Human breast tumors consist of phenotypically diverse cells and studies indicate that a small subset of cells termed cancer stem cells are the only cells in a tumor capable of initiating and maintaining cancer growth. A subpopulation with a CD44+/CD24– phenotype has been isolated from breast tumors and was found to possess highly tumorigenic characteristics. These CD44+/CD24– cells were able to differentiate into phenotypically diverse nontumorigenic cells, resembling the composition of the original tumor. Further molecular and phenotypic analysis of CD24+ and CD44+ cells from breast tumors revealed distinct gene expression, epigenetic and genetic profiles that may have clinical relevance. There is also heterogeneity between tumors, illustrated by stratification into various subtypes based on gene expression profiles or histopathological features.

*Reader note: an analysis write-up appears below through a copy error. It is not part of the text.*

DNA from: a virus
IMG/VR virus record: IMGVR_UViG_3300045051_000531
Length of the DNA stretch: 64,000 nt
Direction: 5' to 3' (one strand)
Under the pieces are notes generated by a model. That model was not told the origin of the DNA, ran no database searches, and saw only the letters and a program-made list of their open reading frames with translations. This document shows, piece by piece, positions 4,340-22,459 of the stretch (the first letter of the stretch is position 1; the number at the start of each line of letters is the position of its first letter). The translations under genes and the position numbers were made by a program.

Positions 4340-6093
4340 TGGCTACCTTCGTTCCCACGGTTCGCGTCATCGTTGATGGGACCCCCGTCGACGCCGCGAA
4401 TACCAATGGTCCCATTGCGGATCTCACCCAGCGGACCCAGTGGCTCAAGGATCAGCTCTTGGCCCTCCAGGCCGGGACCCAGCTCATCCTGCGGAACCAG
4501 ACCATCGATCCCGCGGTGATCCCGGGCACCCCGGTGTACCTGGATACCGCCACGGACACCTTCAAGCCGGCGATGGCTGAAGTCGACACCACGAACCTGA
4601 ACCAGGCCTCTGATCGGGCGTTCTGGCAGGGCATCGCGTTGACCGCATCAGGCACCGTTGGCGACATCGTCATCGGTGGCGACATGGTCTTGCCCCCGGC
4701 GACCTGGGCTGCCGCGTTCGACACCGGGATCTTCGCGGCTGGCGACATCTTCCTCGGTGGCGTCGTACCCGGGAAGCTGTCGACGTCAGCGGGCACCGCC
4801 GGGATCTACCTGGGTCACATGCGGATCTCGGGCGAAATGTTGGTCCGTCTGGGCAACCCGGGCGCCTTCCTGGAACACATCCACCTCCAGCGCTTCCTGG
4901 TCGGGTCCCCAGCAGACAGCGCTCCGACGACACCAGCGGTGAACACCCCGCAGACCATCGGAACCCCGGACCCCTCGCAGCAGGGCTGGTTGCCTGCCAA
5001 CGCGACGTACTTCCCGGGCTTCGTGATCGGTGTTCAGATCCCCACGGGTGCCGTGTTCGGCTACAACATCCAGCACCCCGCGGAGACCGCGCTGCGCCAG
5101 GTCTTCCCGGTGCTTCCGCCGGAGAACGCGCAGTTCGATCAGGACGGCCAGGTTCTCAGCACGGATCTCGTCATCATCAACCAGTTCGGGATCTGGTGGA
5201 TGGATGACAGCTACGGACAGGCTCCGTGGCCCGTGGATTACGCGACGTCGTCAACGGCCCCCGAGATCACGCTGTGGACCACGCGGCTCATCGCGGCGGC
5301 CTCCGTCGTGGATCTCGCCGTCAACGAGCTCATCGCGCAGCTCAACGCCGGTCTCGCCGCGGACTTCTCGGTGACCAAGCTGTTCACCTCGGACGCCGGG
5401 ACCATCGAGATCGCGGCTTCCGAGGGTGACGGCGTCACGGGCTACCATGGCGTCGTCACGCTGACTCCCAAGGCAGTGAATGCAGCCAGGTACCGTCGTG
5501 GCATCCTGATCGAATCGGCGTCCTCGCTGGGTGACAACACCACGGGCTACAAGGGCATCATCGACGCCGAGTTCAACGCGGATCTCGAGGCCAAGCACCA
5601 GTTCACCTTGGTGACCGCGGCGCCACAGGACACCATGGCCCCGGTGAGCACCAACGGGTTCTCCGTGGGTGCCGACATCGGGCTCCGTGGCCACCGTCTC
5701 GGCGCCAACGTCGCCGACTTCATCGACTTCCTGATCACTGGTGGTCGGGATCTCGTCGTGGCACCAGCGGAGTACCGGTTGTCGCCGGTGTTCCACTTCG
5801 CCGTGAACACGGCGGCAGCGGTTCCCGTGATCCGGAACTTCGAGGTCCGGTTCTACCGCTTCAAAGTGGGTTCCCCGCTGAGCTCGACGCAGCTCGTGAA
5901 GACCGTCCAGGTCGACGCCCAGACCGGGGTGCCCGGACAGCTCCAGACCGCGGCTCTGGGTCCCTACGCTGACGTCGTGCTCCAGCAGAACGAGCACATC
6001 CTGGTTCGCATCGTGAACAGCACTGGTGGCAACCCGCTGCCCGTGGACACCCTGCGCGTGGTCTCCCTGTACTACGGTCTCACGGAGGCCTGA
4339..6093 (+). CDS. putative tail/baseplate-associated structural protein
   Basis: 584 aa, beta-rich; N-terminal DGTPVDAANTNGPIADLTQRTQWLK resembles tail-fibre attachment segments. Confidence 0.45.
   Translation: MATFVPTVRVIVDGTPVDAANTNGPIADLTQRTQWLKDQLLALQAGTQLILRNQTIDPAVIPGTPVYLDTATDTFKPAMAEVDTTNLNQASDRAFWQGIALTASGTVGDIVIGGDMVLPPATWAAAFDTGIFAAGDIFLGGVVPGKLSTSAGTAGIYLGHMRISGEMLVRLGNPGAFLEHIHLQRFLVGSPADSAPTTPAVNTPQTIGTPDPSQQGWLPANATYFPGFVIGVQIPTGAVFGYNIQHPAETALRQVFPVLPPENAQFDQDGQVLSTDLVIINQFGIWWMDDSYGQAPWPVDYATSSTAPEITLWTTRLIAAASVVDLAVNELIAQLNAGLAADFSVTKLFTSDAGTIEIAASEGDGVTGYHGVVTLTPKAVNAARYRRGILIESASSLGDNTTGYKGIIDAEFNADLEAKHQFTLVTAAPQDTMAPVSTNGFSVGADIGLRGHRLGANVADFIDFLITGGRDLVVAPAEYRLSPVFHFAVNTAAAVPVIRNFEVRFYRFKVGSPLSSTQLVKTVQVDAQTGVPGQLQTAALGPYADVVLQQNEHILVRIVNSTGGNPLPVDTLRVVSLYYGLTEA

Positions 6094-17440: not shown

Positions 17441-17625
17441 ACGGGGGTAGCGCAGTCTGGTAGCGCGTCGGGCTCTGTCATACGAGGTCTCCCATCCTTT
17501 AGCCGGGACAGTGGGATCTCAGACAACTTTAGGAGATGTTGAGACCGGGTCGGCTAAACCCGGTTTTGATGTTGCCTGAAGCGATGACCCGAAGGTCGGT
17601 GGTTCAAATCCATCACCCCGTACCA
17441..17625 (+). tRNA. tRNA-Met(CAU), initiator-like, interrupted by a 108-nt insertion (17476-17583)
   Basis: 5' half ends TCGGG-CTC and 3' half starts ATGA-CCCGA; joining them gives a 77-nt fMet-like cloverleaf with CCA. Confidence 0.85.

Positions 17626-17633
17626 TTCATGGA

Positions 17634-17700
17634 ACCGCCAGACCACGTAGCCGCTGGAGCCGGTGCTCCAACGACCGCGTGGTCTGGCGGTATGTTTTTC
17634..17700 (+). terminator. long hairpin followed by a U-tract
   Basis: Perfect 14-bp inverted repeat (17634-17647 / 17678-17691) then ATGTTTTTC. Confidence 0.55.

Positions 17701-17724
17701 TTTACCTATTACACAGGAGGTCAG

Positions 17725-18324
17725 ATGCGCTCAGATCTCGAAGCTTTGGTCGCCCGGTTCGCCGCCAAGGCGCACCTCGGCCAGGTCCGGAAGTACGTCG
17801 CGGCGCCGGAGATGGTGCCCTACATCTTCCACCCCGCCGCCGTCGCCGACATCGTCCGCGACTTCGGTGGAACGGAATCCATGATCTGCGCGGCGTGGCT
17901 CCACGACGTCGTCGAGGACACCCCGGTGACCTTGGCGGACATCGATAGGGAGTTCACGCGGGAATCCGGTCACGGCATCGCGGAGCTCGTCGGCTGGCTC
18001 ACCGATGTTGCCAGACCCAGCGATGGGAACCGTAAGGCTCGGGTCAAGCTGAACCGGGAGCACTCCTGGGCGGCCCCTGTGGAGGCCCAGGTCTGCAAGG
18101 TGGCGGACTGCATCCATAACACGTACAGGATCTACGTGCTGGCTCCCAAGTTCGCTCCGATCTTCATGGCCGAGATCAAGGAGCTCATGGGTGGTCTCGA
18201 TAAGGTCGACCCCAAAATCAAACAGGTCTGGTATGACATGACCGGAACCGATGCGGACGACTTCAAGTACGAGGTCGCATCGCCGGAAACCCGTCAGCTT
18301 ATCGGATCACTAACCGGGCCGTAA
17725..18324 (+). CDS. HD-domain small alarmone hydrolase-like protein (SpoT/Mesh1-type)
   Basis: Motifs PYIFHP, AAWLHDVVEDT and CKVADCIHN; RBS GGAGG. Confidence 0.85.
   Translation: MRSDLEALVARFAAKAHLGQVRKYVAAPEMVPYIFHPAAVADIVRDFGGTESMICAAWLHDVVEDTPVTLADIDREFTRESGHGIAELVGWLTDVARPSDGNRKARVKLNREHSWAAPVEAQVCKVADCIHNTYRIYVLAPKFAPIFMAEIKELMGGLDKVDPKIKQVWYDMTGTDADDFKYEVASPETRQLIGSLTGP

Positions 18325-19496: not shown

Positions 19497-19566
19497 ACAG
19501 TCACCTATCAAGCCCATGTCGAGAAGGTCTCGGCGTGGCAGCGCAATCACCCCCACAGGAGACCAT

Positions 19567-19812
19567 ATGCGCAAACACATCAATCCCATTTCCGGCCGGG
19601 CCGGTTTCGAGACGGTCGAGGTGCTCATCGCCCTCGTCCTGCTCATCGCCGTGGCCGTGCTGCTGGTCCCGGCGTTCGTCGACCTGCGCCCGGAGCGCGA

Our research focus on characterizing the putative cancer stem cells in breast cancer with respect to phenotype, genotype and function in order to identify new markers of stemness and examine the importance of the stem-cell like population in proliferation, tumorigenicity and chemoresistance. We also investigate the correlation between putative cancer stem cells and biological or clinical characteristics in different subtypes of breast cancer to determine any association of this population to tumour progression and metastatic behaviour.